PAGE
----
Today medieval knights only run around in historical reenactments, but chainmail is far from dead. Butchers and wood workers often wear steel mesh to protect their hands and arms from accidental knife wounds. “Filmmaker Valerie Taylor was among the first to develop and test shark suits in 1979 while diving with sharks.” Artists now use lightweight aluminum rings dyed in bright colors, or even rubber rings to create beautiful jewelry. Technology that once was developed to protect a warrior from death in war can now celebrate life in vivid colors. In whatever patterns, you put your rings into, whether it is in an armor 4 in 1 pattern or an elegant byzantine, remember chainmail has had a long history and will evolve into new forms to suit human kind.
Amy Reed found her passion for chainmaille jewelry recently after a day of cleaning out her ever-overflowing craft room. There, in a small box nested inside a larger one, situated under a table, was a small packet of aluminum rings. She was reborn in the glow of her computer while researching chainmaille jewelry. Small rings joined in new exciting ways formed almost magical bonds, and she was hooked. This form of creation was relaxing and kept her interest, and she found herself telling anyone that would listen about this medium. That was when Captive Link Creations was born!
For sources for Amy’s description of the history of chainmail, please see below.
I started my volunteering way back when my mom retired and I quit working at the same time. She invited me on a day trip with the Sharing and Caring Senior group to Daniel Stowe Botanical Garden. I went with them and had a great time with these ladies. They asked me to join their group, even though I wasn’t a senior, and they made me a part of the group anyway. These ladies taught me a lot about life. We met on the last Thursday of every month at the Adult Recreation Center of Gastonia. I ended up becoming President and Treasurer, then I started volunteering up at the adult center. They had the annual Webb Street school dance, which was held in May. I volunteered by helping with tickets or serving food. They also had yard sales which I would volunteer for as well. If they needed anything I would be there, working with the community. It would always put a smile on my face and in my heart to serve the community. Then one by one the ladies passed away. Before my mom passed, there were only a few left. When she passed, The Sharing and Caring Club died with her.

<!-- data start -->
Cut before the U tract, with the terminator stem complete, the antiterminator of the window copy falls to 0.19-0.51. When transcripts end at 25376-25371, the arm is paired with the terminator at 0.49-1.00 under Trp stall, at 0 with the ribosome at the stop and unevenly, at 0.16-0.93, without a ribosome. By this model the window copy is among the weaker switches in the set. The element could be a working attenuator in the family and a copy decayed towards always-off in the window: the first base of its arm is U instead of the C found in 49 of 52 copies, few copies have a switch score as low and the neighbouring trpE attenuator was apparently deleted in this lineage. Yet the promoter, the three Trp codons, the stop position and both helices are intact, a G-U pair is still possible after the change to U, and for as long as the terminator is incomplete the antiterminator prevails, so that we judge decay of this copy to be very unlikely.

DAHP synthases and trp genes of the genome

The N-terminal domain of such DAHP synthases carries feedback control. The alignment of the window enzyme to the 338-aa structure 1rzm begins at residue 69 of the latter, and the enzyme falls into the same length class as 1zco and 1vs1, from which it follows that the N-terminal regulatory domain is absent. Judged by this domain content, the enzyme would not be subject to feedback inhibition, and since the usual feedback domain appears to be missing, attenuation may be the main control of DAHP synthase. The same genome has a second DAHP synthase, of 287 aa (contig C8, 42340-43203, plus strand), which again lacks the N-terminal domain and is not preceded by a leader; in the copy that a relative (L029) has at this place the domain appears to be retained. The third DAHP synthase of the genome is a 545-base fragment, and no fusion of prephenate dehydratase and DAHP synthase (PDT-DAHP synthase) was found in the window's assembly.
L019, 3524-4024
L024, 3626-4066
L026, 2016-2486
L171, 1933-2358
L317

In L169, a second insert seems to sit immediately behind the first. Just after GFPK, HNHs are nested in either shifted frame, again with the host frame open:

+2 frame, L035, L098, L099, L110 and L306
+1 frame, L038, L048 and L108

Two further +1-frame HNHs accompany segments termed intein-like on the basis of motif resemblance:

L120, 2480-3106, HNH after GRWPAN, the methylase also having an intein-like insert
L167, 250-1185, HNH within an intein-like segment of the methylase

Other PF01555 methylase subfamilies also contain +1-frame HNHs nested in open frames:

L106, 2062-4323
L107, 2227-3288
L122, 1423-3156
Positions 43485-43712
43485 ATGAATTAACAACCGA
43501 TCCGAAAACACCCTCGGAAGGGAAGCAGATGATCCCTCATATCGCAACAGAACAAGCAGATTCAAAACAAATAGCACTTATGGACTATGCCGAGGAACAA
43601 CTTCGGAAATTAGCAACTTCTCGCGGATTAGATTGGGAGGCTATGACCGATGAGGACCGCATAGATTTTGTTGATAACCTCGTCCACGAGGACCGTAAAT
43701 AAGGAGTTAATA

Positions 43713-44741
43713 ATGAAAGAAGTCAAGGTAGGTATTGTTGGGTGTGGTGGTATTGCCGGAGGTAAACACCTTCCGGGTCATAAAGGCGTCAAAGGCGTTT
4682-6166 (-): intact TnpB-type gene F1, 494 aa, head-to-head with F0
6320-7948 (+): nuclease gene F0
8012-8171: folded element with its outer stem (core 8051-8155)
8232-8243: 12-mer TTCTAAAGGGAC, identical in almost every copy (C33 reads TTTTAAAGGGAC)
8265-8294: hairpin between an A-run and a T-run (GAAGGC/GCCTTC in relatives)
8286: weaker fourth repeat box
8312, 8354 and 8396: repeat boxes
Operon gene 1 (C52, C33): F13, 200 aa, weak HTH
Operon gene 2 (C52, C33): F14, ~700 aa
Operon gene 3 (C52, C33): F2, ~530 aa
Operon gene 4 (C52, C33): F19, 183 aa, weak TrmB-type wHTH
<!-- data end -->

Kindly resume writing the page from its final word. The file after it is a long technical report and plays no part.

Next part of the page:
My health began going downhill and so began hard times with us. It was then, in 2014, that Heather Darnell asked if I would officiate for ritual at Piedmont Pagan Pride Day. I started attending the volunteer meetings, then I started running the information booth at PPD. Getting to know the Pagan community was great, and volunteering for this project gave me such a great feeling again and it made, and still makes, my heart smile. My health is turning around now, and I can volunteer more and more. If you think that Pagan Pride Day is great, join us and be on the inside. You will meet great people and some you may get very close to, like family. Going to the volunteer meetings helps me to be a part of the community all year long. It gives me such great satisfaction to be a part of such a great thing and to be able to watch it grow. So if you love the day, volunteer and watch it come together. We come together each month as we make this a great time to visit with everyone and support the community. It will make your heart smile being a part of the Pagan community and will remind you of why we stand strong because we stand together.